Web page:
Off to Ireland


in Daily updates, Travel

Fishing float in Jonathan's garden

In a few hours, I will be departing for Dublin, to return late on the 23rd of this month. Quite probably, I will have the chance to post something here while I am in Ireland, but please do not expect prompt responses to emails. My thanks to the many people who provided suggestions regarding what to do while I am over there. I still haven’t decided exactly where I will go for my away trip, but if Galway and the Aran Islands prove feasible, that would be my first choice at the moment.

All told, I don’t feel as though I am in the very greatest shape to be going on a solitary week-long trip. That said, I am generally anxious immediately before such travel, especially when it involves waking up so early and concerns about security and flights working out. That said, I am sure once I am there it will prove an interesting and worthwhile expedition.

Those looking for some entertainment in the interim should have a look at my brother Mica’s videos or my friend Alex’s ruminations on the papacy as an international actor (link removed 26 Sept 2006), according to taste.

[Update: 26 Sept 2006] Alex Stummvoll’s blog has been discontinued.

{ 7 comments… read them below or add one }

Milan August 16, 2006 at 11:39 am

Flight delayed four hours

Milan August 16, 2006 at 2:04 pm

Departure time still racing away faster than it approaches. At least two more hours, now.

Victoria Kowalewski August 16, 2006 at 5:58 pm

Are you reading Joyce’s “Dubliners”? As I recall, it is the most difficult of Joyce’s works, even more so than the voluminous “Ulysses”. Taking on such a challenge comes as no surprise from someone who has taken his cue from Joyce, calling himself “Night’s Sindark Knave.” Good luck reading “Dubliners”, I look forward to a review.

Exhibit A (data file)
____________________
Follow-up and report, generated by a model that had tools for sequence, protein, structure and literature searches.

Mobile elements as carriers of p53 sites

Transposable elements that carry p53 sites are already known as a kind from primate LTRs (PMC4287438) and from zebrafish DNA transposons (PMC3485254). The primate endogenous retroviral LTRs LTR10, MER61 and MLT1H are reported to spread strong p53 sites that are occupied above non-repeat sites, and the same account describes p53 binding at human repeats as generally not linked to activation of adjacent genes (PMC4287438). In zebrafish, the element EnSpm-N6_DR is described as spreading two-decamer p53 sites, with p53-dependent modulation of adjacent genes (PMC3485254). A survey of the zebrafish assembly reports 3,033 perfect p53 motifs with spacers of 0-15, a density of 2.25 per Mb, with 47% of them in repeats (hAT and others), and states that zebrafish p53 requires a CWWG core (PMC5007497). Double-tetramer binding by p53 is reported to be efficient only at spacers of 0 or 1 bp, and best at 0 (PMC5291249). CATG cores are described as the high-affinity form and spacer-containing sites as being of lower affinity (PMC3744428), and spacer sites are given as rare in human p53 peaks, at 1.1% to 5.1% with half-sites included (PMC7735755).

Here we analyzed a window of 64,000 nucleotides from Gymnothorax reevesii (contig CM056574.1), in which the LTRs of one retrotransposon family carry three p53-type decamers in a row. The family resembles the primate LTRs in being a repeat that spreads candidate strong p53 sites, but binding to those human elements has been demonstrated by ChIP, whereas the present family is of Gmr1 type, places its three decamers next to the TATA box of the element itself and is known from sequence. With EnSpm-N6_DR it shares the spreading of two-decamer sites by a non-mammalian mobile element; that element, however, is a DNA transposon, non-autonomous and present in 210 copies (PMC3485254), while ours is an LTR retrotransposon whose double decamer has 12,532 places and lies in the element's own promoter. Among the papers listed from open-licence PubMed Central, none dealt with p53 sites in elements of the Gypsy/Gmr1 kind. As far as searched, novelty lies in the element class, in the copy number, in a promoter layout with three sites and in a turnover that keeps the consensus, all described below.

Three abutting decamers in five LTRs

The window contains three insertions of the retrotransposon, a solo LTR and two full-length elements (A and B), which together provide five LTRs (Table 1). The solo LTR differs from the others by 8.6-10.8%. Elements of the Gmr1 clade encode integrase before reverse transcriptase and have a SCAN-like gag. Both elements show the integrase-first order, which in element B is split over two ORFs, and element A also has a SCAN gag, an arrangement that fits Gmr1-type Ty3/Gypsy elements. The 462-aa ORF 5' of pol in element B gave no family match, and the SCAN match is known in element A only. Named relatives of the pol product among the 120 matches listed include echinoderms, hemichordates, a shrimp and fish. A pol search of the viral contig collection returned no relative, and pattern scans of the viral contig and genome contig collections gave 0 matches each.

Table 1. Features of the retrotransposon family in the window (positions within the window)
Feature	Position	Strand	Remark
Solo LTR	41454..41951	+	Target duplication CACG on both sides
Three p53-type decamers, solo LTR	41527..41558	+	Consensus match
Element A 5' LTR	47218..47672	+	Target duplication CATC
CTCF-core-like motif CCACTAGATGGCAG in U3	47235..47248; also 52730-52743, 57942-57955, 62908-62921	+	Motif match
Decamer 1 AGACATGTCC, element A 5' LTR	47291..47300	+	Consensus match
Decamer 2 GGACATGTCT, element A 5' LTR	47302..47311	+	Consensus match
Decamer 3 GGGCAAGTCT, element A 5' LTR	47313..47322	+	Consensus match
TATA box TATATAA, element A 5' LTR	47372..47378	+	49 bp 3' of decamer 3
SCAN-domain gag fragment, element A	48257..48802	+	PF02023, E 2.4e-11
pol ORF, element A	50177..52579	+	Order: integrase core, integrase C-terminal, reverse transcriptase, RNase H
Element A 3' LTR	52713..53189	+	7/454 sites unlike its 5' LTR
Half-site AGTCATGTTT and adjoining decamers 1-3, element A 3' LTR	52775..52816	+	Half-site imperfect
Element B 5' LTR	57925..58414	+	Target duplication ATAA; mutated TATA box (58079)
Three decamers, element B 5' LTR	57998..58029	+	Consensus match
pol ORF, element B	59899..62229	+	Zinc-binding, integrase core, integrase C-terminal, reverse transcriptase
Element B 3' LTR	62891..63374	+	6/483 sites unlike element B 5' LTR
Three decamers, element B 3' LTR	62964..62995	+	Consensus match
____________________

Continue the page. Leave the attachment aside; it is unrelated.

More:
Also, have you heard of Dublin’s Joyce Festival. I believe that it is held in June. Perhaps you can go next year and take some photos.

Milan August 16, 2006 at 8:36 pm


I couldn’t find a used copy of Dubliners in Oxford, so I am reading Sweetness in the Belly instead. So far, it is excellent. It reminds me of Anil’s Ghost, in many ways.

As for the origin of Night’s Sindark Nave as a phrase with personal relevance, it goes back to when Sarah Johnston was in Vancouver, and it is too long a story to tell here and now.

More on Ireland soon.

Anonymous August 18, 2006 at 9:28 pm

Victoria Kowalewski,

That’s ‘Night’s Sindark Nave.’ ‘Nave’ being the long portion of a church that intersects the transept, as opposed to ‘knave,’ meaning a deceitful and unreliable scoundrel.

Anonymous August 18, 2006 at 9:30 pm

From the poem Nightpiece, by Joyce.

Milan August 19, 2006 at 1:38 am


That is all true. I hadn’t noticed the spelling used in the earlier comment.

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